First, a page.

WASHINGTON (Reuters) - While he has swallowed a big budget cut and had the White House veto his chosen deputy, Secretary of State Rex Tillerson is avoiding a public conflict with U.S. President Donald Trump over his department’s budget, six current and former U.S. officials said on Thursday.
Instead, Tillerson privately resisted a 37-percent budget cut that some White House officials sought and he convinced Trump he needed more time to identify where savings could be made, two current and one former official told Reuters.
As a result, the White House proposed on Thursday a reduction of some 28 percent on U.S. diplomacy and foreign aid.
“Tillerson isn’t opposed to cutting the budget at all, but he figured out that he couldn’t win head-to-head battles with the president and the people close to him, so he’s pursuing a different strategy, arguing that he can’t make wise decisions about what to cut until he’s more familiar with his department and its budget,” said one of the current officials, a State Department veteran.
Tillerson said in Tokyo on Thursday that his department’s current spending is “simply not sustainable,” and that he accepted the “challenge” Trump had given him.
“He is making a very sensible calculation,” said a former U.S. official, noting that Congress, not the president, holds the purse strings and is almost certain to reject many of the administration’s proposed cuts. “You state your loyalty to the president, and then you know that you will not actually have to live with the president’s budget.”
It is not yet clear, however whether Trump and Tillerson have significant policy differences or if he can defend his department against some of Trump’s closest aides such as Steve Bannon who want to dismantle parts of the federal government and limit U.S. engagement with the world, said three of the current and former officials.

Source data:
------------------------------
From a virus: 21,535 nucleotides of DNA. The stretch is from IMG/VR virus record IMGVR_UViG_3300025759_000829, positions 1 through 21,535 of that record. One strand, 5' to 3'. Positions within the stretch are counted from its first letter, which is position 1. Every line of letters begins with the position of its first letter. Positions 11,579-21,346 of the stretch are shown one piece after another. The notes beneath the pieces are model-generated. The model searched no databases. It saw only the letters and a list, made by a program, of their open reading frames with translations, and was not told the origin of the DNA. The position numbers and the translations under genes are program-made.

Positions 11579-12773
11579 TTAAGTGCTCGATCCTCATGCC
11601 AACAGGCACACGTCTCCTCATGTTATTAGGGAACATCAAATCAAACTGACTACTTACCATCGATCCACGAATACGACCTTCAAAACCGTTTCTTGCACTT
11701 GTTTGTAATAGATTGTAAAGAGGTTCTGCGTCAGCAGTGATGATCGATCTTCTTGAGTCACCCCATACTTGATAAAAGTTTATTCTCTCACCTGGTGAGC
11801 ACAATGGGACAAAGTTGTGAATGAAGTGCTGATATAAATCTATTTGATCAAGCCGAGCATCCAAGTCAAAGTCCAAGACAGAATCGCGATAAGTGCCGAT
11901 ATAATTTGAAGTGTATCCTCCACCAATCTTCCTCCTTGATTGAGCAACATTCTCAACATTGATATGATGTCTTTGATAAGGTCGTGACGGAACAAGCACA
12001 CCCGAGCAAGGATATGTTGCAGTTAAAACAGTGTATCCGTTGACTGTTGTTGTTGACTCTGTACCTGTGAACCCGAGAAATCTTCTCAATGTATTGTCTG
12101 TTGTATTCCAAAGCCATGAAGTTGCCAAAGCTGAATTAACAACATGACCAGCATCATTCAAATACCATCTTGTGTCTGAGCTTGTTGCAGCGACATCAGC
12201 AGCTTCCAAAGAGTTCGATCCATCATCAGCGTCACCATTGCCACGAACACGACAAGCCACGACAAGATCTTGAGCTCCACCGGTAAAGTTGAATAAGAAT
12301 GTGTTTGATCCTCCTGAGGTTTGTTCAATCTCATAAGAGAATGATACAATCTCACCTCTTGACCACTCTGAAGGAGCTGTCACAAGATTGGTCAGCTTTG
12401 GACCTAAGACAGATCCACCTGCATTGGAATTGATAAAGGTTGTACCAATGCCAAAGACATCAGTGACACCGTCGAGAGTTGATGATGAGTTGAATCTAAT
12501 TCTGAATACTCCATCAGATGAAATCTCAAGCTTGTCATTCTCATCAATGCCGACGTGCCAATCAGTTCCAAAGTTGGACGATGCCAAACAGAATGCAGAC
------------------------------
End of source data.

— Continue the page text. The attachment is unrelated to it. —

The former Exxon Mobil Corp CEO has faced multiple challenges in his first weeks as chief U.S. diplomat, including unpredictable policy pronouncements from Trump.
White House officials vetoed Elliot Abrams, Tillerson’s choice for deputy secretary, the department’s second-highest post, one of the current officials said. With that job still vacant, it has not been possible to fill the department’s other senior positions.
Despite that defeat, Michael Anton, a National Security Council spokesman, said the White House holds Tillerson in high regard.
“President Trump has the utmost confidence in the Secretary of State and looks forward to Mr. Tillerson implementing a bold agenda to revitalize American foreign policy,” Anton said.
A White House official said Tillerson has had good access to the president, including multiple lunches, dinners and meetings. Tillerson dined with Trump on Monday, the night before he flew to Asia.
Tillerson has kept a low profile since joining the administration seven weeks ago, spending little time with key State Department officials and only holding his first news conference on Thursday in Tokyo.
He has drawn criticism from many State Department officials who believe he has failed to cultivate potential allies in Trump’s cabinet and on Capitol Hill.
Chas Freeman, a seasoned diplomat since the Nixon administration, said Tillerson’s low-key style might be a survival tactic.
“If he says something, he runs a big risk of getting crosswise with Trump,” Freeman said. “This may be a Fabian strategy,” referring to the Roman statesman Fabius who defeated the Carthaginian general Hannibal by avoiding frontal conflict.
Reporting by Arshad Mohammed and John Walcott; Editing by James Dalgleish and Lisa Shumaker